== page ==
GambleAware issued an invitation to tender (ITT) for this project and the deadline for tenders was 31 May 2018. The ITT is available for information here. The Responsible Gambling Strategy Board issued a research brief that sets out the policy context, need for the research, how the research will be used and the research questions to be addressed.
Evaluation of the impact of Multi-Operator Self-Exclusion Schemes
Aim: To evaluate the impact of Multi-Operator Self-Exclusion Schemes and awareness and barriers to self-exclusion.
GambleAware issued an invitation to tender for an evaluation of the impact of Multi-Operator Self-Exclusion Schemes and awareness and barriers to self-exclusion, which is available for information here. The Responsible Gambling Strategy Board issued a research brief that sets out the policy context, need for the research, how the research will be used and the research questions to be addressed. An amended brief was subsequently provided.
Applying behavioural insights to reduce problem gambling - remote gambling research phase 3
Dr Michael Hallsworth, Behavioural Insights Team.
Aim: To generate evidence which will be used to develop harm-minimisation best practice guidelines for the remote industry, including principles and tools and resources to support execution.
This project is the 3rd phase of GambleAware's remote gambling research workstream. The reports for phases 1 and 2 are available on the research publications page.
PhD theses at the University of East London and Swansea University
GambleAware is funding PhD students who commenced in Autumn 2016, in order to allow the in-depth exploration of research questions, and to develop the researcher’s abilities and knowledge, thus increasing research capacity in the field.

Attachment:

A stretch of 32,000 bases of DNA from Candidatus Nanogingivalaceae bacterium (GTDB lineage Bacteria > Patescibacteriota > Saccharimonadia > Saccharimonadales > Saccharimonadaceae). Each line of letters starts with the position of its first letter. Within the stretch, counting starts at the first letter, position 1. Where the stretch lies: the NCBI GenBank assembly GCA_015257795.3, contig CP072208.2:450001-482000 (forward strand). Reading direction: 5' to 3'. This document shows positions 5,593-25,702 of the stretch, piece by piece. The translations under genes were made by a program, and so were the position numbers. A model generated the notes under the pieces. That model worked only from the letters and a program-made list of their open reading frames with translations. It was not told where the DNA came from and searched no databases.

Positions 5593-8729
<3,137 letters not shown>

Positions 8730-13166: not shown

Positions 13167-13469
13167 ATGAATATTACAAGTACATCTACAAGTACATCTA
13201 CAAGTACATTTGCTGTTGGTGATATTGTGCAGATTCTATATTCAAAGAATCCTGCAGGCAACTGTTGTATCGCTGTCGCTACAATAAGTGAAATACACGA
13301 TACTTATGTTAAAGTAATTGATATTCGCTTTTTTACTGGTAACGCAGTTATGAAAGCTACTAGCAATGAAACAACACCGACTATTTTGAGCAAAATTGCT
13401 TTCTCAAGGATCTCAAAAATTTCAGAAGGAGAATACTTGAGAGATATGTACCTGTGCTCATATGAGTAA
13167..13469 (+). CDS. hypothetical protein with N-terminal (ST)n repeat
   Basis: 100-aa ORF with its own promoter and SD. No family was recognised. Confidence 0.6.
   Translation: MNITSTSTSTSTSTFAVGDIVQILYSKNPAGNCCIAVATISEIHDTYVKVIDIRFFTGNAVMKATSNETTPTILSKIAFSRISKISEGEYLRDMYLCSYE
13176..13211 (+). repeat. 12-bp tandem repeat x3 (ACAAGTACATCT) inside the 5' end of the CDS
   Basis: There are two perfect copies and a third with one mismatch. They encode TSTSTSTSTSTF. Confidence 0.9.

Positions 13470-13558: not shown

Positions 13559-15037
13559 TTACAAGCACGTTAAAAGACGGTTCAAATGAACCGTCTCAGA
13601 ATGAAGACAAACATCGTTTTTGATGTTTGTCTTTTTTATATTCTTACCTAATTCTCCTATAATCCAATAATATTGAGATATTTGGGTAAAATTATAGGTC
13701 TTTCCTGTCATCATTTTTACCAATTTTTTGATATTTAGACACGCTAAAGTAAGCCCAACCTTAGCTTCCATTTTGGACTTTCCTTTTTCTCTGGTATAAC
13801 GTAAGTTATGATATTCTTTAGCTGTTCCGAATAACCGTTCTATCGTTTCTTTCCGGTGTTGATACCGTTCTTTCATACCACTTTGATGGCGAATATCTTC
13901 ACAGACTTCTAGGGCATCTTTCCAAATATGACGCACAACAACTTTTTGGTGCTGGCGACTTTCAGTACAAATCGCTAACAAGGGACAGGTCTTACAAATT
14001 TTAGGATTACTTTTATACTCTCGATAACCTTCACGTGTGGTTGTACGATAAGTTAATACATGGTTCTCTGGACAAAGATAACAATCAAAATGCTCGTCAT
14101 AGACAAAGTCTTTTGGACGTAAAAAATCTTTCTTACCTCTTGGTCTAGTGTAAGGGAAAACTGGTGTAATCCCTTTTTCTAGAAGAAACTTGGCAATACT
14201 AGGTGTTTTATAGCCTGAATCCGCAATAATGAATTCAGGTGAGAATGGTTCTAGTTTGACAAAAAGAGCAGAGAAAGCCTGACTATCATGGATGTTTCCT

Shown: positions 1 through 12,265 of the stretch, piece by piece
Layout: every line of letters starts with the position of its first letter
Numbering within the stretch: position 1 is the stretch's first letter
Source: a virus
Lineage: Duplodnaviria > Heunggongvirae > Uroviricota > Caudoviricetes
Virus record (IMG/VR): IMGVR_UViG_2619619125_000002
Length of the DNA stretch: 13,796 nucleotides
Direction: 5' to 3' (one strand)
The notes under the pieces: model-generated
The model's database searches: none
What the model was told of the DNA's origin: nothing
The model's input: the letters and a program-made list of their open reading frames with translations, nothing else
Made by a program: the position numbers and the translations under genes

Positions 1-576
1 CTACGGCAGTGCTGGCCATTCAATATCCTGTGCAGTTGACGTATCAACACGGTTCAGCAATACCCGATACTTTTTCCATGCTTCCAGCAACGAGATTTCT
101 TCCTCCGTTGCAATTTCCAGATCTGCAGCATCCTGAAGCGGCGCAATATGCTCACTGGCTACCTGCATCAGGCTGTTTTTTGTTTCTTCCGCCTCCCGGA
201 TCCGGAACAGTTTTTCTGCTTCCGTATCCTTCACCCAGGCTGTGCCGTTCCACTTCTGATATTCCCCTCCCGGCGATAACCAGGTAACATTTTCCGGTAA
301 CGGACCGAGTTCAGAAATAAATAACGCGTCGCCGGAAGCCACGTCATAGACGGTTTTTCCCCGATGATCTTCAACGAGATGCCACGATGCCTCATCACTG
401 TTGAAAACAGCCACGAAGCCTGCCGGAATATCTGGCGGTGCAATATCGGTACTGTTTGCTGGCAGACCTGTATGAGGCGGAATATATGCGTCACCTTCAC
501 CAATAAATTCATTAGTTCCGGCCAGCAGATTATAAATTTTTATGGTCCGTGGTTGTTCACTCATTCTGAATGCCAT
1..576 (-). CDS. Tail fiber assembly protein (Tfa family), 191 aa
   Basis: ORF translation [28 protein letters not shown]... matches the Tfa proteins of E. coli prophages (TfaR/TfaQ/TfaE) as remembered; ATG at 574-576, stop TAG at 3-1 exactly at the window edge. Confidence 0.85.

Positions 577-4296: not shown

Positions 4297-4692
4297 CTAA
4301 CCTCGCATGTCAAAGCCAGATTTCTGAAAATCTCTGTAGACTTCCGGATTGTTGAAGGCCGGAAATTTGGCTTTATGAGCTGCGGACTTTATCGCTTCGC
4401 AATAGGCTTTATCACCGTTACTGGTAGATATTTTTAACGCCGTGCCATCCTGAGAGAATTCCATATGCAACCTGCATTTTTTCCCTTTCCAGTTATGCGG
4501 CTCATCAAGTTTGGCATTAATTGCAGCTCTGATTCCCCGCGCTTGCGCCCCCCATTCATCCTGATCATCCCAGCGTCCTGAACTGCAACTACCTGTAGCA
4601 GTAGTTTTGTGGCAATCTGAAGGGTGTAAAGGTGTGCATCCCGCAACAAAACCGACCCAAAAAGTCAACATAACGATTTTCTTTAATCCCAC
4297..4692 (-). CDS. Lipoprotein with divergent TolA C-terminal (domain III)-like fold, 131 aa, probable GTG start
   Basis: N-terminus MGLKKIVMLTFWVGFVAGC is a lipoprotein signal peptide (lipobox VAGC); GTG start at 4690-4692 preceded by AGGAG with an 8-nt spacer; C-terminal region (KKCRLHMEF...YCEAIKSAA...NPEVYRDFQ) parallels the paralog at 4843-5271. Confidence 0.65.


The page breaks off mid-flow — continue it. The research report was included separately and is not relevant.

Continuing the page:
Young people, gambling and gambling-related harm
Ipsos MORI; Professor David Forrest, University of Liverpool; Professor Ian McHale, University of Salford.
Aim: To investigate the influence of parents on young people's gambling and explore definitions of 'gambling-related harm'.
GambleAware issued an invitation to tender (ITT) for research into young people, gambling and gambling-related harm. Click here to download the ITT for information only. The bids were evaluated by GambleAware's Independent Research Oversight Panel and the decision was made to award the tender by the Research Committee. The aim of the research program is to develop our understanding of young people in relation to gambling and gambling-related harm.
Projects due to be completed in Quarter 2, 2020
PhD thesis at Sheffield Hallam University
GambleAware is funding Lucy Pointon at Sheffield Hallam University to undertake a PhD: Problem gambling and family violence - A life course analysis
Projects due to be completed in Quarter 1, 2021
PhD thesis at Northumbria University
GambleAware is funding Scott Houghton at Northumbria University to undertake a PhD: Assessing the impact of social media upon gambling behaviour and the potential for social media to be used to promote positive gambling behavioural changes.
Projects due to be completed in Quarter 4, 2021
PhD thesis at the University of South Wales
GambleAware is funding Jamie Torrance at the University of South Wales to undertake a PhD: Development of harm reduction interventions for bespoke risk environments in the changing landscape of gambling and gaming.
For information, the PhD application process for the 2018 call can be found here.